Many schools and pastors teach that saving faith is not mere persuasion. They call that easy believism or cheap grace.
Many teach that saving faith includes turning from sins, surrender, commitment to serve Christ, and even perseverance in obedience that must follow the commitment.
The words “whoever believes in Him” in John 3:16 thus become about one’s works, not believing in the Giver for the gift of salvation.
At the Grace to You website in an article entitled “Saving Faith” (see here), Pastor John MacArthur writes:
What is saving faith? It is believing in the person of the Lord Jesus Christ to the degree that you are completely satisfied with Him so as to commit your life to Him in loyalty, faithfulness, allegiance, submission, duty, fidelity, obligation; and it is not mere intellectual assent…Faith cannot be placed in opposition to commitment, to surrender, to repentance, to delighting in the Lord.
Ligonier ministries concurs,
Mere knowledge and belief, as John Calvin comments, “can no more connect man with God, than the sight of the sun carry him up to heaven.” We also need to place our trust in Christ personally to save us. We must believe that Jesus came to save us personally. We must place our lives in His hands, pledging ourselves to follow Him no matter the cost (see here, emphasis added).
If faith is understood as something other than persuasion, then the Lord’s promise of everlasting life to whoever believes in Him for it is lost. The message of John 3:16 is transformed into something that the Lord Jesus never intended.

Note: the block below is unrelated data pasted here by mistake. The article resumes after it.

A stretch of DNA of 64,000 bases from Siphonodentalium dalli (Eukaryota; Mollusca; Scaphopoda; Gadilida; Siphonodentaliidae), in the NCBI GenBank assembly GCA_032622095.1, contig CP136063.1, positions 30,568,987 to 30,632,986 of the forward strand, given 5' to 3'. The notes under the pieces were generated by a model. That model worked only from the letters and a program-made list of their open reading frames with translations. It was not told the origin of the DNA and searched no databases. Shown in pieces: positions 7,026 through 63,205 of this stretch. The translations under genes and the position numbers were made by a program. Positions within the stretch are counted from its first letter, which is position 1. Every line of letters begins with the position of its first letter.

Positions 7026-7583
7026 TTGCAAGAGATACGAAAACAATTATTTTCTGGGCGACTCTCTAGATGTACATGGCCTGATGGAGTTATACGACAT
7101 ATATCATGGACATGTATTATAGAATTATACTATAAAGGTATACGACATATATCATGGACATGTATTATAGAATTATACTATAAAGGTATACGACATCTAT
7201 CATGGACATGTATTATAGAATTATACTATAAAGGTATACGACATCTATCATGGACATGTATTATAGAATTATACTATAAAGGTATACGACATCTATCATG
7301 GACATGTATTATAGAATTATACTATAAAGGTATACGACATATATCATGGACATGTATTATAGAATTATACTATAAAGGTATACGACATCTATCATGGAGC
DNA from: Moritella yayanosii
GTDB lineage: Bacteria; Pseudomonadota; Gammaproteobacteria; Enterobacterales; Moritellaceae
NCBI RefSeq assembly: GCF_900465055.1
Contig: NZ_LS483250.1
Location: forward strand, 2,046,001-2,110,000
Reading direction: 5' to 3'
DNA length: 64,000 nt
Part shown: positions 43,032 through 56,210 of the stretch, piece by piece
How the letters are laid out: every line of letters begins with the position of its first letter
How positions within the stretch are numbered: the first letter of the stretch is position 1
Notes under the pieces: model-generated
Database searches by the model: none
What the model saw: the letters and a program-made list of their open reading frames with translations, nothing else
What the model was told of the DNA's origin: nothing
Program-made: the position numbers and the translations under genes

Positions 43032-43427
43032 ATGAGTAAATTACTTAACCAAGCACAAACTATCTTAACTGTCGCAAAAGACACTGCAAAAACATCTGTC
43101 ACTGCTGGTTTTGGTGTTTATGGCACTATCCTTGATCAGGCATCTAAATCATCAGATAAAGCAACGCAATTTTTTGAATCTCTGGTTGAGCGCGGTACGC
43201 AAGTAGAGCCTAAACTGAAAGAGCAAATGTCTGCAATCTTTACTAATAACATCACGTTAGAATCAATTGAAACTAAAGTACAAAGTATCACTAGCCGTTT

But why? Why is the distorted view of saving faith so prevalent in Evangelical circles today?
There are two main reasons for this error. It is hard to say what comes first. First, there are plenty of difficult warning passages in Scripture. If a person misunderstands these passages to be saying that those who fail to persevere are eternally condemned, then a person will read that false theology into clear passages like John 3:16 and Eph 2:8-9. The person ends up understanding all the faith-alone-apart-from-works texts in light of his mistaken understanding of difficult texts. Second, many people do not think it would be just of God to give everlasting life to people who merely believed in Jesus for it. In their minds, God must require more than persuasion. It seems obvious to them that God also requires turning from sins, surrender, and commitment to obey and follow for life.
If you want to say you believe in justification by faith alone and yet also say that turning from sins, surrender, and commitment are required to be justified, then you must define faith to include those elements. If justification is truly by faith alone, then it would be by faith alone. How simple. How refreshing. And yet how foreign to the thinking of most Evangelicals today.